WORLD US uses 'China threat' narrative to skyrocket military budget


US uses 'China threat' narrative to skyrocket military budget


20:46, December 12, 2020

U.S. National Guardsmen stand guard around City Hall fearing the potential for Right-Wing Violence in response to the election results in Philadelphia, U.S., November 7, 2020. (Photo: Getty)

As the National Defense Authorization Act for Fiscal Year 2021 passed both chambers of U.S. Congress with two-thirds majority, it is set to override any possible presidential veto and become law. This new bill pushes U.S. military budget to a new high of $740.5 billion, which would only exacerbate the American ingrained sense of insecurity.

Deterrence or confrontation?

This year's bill enumerates close to 40 clauses related to China. One eye-catching clause is the creation of the $2.2 billion Pacific Deterrence Initiative (PDI).

The PDI is professed to "carry out prioritized activities to enhance the United States' deterrence and defense posture in the Indo-Pacific region, assure allies and partners, and increase capability and readiness in the Indo-Pacific region."

But the seemingly innocuous term masks a more sinister intention. Modeled on the European Deterrence Initiative which started in 2014, the PDI is clearly targeting China and using increased military presence in the region to intimidate China into subordination to U.S. hegemony. Thus, the term "deterrence" in fact serves as a euphemism for "confrontation".

The PDI is intended to send a signal to the region that the U.S. is prioritizing its "Indo-Pacific" strategy. But the bill also sets to prevent troop reductions in Germany, Afghanistan and Iraq, which would cast doubt on the U.S. commitment to reposition its military to the "Indo-Pacific" region. Furthermore, by getting ready for more confrontation with China, it would by no means reassure allies and partners, and would only end up escalating tensions in the region.

'China threat' dubious

Ever since President Donald Trump has entered office, the U.S. is using China as a rallying cry to boost military budget to skyrocketing levels. But upon closer examination, this rationale is dubious.

The U.S. aircraft carrier Ronald Reagan leaving Yokosuka base near Tokyo, to conduct military exercises in the South China Sea, July 4, 2020. (Photo: Getty)

First of all, the U.S. military primacy has never faced a real "China threat". According to the Stockholm International Peace Research Institute (SIPRI) data, the U.S. spent more money on its military than the next ten countries combined in 2019, and is nearly three times greater than China, its "imagined" rival. This year's bill would further enlarge its military budget. In fact, it authorizes more purchases of advanced weapons, such as F-35 fighters, warships and submarines than the Defense Department and the President requested.

Second, the bill is using a diffused "China threat" narrative to justify unusual moves. A thorough reading of the bill would reveal that the "China threat" is clearly expanding to areas which normally fall outside the purview of national defense. For example, the bill used "China threat" as a justification to direct federal resources to focus on the hi-tech sector, to disrupt normal trade relations and people-to-people exchanges. It also used the excuse to heighten interference in China's internal affairs, including on Taiwan, Hong Kong SAR and Xinjiang Uygur Autonomous Region.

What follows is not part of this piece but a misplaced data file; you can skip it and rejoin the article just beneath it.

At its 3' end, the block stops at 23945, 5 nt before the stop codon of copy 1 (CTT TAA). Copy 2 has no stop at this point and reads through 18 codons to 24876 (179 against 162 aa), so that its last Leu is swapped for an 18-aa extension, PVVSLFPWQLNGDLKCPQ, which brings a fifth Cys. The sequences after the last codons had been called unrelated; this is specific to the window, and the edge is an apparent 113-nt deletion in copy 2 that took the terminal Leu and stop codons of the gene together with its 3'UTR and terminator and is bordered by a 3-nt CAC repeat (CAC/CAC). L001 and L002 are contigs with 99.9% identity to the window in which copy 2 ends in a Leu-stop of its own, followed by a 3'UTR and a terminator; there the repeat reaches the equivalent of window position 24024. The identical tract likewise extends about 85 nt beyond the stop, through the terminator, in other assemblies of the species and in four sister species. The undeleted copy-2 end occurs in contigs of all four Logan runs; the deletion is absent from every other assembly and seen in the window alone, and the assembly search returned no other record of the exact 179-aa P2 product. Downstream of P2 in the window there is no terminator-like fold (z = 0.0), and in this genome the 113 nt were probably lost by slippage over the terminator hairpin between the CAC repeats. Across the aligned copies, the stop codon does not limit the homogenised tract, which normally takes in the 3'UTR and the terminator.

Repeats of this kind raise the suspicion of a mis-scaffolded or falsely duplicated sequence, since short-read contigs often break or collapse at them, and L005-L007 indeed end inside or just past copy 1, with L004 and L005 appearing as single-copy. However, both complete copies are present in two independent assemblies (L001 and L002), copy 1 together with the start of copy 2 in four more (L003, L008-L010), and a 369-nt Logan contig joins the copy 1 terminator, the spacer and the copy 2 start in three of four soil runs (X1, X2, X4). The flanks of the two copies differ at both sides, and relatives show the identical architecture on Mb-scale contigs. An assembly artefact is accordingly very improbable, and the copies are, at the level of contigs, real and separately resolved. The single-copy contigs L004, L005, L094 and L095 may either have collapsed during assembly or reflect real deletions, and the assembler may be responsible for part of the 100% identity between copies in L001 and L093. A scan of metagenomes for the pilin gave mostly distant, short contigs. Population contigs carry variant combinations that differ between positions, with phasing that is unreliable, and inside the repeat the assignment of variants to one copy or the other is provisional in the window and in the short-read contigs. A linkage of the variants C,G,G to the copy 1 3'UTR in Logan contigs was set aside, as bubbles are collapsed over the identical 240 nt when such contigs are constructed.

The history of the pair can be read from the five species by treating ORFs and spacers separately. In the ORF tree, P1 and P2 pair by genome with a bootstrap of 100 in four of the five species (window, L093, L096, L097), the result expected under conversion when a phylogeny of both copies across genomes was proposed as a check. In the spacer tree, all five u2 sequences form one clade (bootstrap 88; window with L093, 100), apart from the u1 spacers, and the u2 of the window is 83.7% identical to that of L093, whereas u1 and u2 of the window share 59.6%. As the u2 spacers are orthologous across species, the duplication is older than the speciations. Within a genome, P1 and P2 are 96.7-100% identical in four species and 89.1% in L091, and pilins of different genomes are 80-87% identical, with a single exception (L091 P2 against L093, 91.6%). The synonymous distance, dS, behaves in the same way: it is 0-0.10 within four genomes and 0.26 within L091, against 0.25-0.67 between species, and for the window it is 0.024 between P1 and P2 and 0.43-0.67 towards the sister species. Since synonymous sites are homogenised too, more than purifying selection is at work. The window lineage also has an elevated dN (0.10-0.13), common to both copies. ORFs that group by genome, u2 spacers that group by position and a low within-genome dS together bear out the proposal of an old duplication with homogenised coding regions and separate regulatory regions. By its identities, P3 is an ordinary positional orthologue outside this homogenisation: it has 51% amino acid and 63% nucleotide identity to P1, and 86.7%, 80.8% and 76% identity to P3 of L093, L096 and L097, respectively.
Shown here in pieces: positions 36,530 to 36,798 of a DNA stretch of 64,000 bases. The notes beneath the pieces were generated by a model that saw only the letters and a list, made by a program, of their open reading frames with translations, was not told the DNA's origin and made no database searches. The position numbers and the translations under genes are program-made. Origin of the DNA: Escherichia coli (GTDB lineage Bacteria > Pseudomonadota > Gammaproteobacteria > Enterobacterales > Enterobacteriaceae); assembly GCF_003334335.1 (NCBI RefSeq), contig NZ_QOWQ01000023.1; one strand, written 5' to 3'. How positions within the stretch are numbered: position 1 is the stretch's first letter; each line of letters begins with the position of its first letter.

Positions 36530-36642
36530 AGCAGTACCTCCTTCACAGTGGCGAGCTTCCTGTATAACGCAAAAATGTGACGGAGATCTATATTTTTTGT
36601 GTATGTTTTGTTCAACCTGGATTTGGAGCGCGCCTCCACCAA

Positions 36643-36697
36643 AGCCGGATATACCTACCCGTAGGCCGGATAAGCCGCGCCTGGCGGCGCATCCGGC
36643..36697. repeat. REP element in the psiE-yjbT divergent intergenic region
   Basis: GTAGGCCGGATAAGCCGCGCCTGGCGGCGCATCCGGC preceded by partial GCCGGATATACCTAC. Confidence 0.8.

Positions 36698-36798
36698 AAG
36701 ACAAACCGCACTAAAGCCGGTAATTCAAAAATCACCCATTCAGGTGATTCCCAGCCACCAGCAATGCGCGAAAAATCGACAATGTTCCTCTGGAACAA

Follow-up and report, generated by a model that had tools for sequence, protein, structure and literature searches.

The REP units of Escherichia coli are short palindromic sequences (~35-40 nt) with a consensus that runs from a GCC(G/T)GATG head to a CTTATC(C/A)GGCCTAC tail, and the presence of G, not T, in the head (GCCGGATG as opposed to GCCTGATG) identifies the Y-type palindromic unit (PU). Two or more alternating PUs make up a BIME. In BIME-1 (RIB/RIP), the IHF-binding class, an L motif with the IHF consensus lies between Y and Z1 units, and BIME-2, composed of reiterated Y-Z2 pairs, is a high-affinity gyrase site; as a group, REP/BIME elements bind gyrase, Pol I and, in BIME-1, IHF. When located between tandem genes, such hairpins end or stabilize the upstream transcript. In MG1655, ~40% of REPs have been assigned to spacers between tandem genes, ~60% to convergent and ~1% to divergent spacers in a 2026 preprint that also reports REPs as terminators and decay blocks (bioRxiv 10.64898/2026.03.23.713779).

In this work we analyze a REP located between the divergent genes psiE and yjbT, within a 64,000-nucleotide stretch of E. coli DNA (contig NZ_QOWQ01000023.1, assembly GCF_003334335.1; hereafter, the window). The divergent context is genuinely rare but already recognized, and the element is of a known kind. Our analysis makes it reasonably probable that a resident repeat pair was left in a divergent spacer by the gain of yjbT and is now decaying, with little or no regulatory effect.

Third, the bipartisan support of such huge defense spending stands in stark contrast to the partisan deadlock over the stimulus package badly needed for a pandemic-stricken society. It is really misplaced and cold-hearted to pour huge sums of money on military at the expense of social welfare at a crucial time of mounting deaths.

Self-inflicted and self-defeating

The illusory "China threat" narrative reflects the U.S. deep-seated sense of insecurity which is self-inflicted and will be self-defeating.

The U.S. national defense strategy is premised on the quest of "absolute security", which requires the U.S. to maintain primacy and to perpetuate a unipolar world. But as the world is never static, power diffusion is an irresistible trend. In this regard, the U.S. would never feel secure and would be locked in an endless fight against an illusory enemy, which is its own hegemonic ambition.

Such a quixotic endeavor is not only futile, but also dangerous. While China is reaching out with friendly messages, ready to cooperate with the U.S. on diverse areas of common interest, the U.S. is weaving the "China threat" narrative to ensnare future U.S. administrations into a "great power competition" trap with China.

It also risks becoming a self-fulfilling prophecy. It encourages politicians from both parties to out-compete each other in demonstrating their hawkish credentials. It would encourage imprudent calculations of other countries in the region and set off a costly and dangerous arms race, leaving the region and the world in peril.

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